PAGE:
Yesterday you were introduced to some of the tactics that a particular environmental group, the Sea Shepherds, employs in order to prevent Japanese whaling ships from harpooning whales in the Antarctic Ocean. Paul Watson, founder of the Sea Shepherds, also co-founded Greenpeace but was subsequently voted out of the organization, because he wanted to employ more aggressive tactics in the fight against destroying the environment. To this day the two organizations maintain no slight amount of contempt for each other (at least that's the impression I got from watching Whale Wars). Watson spends a good amount of time speaking ill of Greenpeace and refers to them as "the other whaling industry." Greenpeace takes a non-violent approach to combating the whaling industry. Watson thinks this is too passive, and puts his money where his mouth is with the Sea Shepherds.
What we have here is two organizations with similar goals who refuse to work together, share information and unite under the umbrella of their common goal. Every minute they spend trashing each other on camera is a minute that could have been spent coming up with innovative ideas to reach their goal, whether it be collectively or individually. This sounds a lot like our government. If the Democrats come out and say something then the Republicans must respond, regardless of whether or not they have anything meaningful to say and vice versa. If they are silent then the public will think that they're not doing anything. In the end, it's all lip service and nothing gets done. How about we, the American public, put up with a little silence on some things while giving people a chance to come up with some actual solutions. Then let's base our subsequent votes and opinions on what person took meaningful and effective action rather than giving credit to the person who immediately came out and said something useless.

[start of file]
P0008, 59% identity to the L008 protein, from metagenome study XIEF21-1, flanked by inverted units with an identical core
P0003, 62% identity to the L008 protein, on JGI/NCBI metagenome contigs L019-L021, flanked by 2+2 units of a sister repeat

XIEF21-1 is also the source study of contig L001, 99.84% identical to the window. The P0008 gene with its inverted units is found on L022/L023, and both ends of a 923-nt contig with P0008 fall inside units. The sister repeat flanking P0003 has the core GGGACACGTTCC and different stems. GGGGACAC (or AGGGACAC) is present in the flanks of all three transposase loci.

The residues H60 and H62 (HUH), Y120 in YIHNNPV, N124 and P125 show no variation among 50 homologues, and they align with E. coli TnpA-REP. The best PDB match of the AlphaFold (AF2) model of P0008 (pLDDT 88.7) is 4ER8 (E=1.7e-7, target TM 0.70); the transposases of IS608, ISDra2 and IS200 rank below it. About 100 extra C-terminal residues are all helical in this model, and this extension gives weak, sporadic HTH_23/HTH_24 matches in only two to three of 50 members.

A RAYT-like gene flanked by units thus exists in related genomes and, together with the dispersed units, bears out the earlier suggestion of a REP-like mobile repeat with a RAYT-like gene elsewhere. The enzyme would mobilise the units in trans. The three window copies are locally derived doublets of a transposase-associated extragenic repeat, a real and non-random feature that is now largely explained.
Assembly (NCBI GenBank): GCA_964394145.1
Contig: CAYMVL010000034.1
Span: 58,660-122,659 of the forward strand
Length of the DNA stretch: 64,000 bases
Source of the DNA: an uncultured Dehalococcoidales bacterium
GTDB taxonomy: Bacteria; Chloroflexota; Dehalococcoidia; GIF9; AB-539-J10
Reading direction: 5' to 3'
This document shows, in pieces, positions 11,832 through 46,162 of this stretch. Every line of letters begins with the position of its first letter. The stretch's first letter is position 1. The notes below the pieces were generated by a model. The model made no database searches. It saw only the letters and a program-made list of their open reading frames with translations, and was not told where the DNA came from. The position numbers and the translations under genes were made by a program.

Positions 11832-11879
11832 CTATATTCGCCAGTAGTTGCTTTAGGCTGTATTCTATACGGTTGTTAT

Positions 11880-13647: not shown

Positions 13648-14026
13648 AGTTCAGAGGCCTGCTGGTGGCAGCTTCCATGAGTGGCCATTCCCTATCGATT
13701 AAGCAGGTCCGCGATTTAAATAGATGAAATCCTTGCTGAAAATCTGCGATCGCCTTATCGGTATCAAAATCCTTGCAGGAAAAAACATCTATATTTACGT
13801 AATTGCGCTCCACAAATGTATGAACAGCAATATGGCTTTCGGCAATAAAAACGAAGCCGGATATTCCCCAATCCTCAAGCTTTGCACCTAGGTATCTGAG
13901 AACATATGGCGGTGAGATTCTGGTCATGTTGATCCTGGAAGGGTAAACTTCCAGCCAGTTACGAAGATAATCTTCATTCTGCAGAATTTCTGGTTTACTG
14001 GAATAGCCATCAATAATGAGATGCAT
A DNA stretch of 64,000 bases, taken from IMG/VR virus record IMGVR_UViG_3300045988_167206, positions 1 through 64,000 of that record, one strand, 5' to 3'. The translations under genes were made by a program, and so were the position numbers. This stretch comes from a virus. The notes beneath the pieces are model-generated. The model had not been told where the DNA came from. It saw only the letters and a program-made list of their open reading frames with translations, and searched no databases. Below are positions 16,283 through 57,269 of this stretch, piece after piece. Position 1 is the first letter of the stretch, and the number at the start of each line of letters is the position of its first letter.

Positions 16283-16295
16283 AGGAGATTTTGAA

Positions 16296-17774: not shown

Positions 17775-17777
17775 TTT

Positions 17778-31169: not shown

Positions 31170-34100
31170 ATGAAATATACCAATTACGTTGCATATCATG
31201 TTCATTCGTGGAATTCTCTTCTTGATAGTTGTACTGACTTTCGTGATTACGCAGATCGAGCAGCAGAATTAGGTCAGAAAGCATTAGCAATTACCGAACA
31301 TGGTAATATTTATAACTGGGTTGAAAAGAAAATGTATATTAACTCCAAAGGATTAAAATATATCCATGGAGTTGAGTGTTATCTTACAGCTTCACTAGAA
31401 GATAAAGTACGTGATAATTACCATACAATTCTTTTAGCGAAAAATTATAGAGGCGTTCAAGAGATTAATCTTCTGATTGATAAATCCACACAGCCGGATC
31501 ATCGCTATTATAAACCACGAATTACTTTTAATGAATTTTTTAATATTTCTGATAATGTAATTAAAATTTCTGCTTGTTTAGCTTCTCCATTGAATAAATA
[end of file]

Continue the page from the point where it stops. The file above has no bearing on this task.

First, two comments based solely on the general perception of each party's approach to the environment: It's hard for me to believe that the Republicans want to destroy the environment. It's equally hard for me to believe that the Democrats' goal is truly to preserve the environment. For both parties, it's more about power and their incessant PR quest of "Hey, I'M the one that saved it! Even if that guy had an idea that would have worked better, we can't let the public think that the [insert party name here]s did it."
I'm repeating myself when I say that members of our government are more set on appearing powerful and making the opposing party look bad vs. actually solving our nation's problems. Much like Greenpeace and the Sea Shepherds, the goal is to save the environment. What if the two sides actually got together, shared some information and started moving forward on some things? Wouldn't this be much more productive? Of course, it's going to require them to put aside their thirst for power and the spotlight. It's also going to require the public to let politicians off the hook when they reverse previous stances. I'm not saying that we should always do this, but in some cases it's warranted. We currently live in a society where our elected representatives aren't allowed to deviate even the slightest bit from a stance once they take one. Sometimes, however, these representatives take these stances for the sake of opposing the other party, not because it's the best solution. If someone decides to abandon their worthless initial position on an issue in favor of an effective solution then we trash them, saying "You're not towing the party line!"
Folks, it's not about political parties. It's about goals and forming effective solutions to meet those goals. I'm convinced we can accomplish most of what each party seeks if we put aside the party affiliations and actually look at the issues. Who cares who gets the credit?!? The idea is to serve your country, not yourself. Let's get over it and start coming up with some solutions.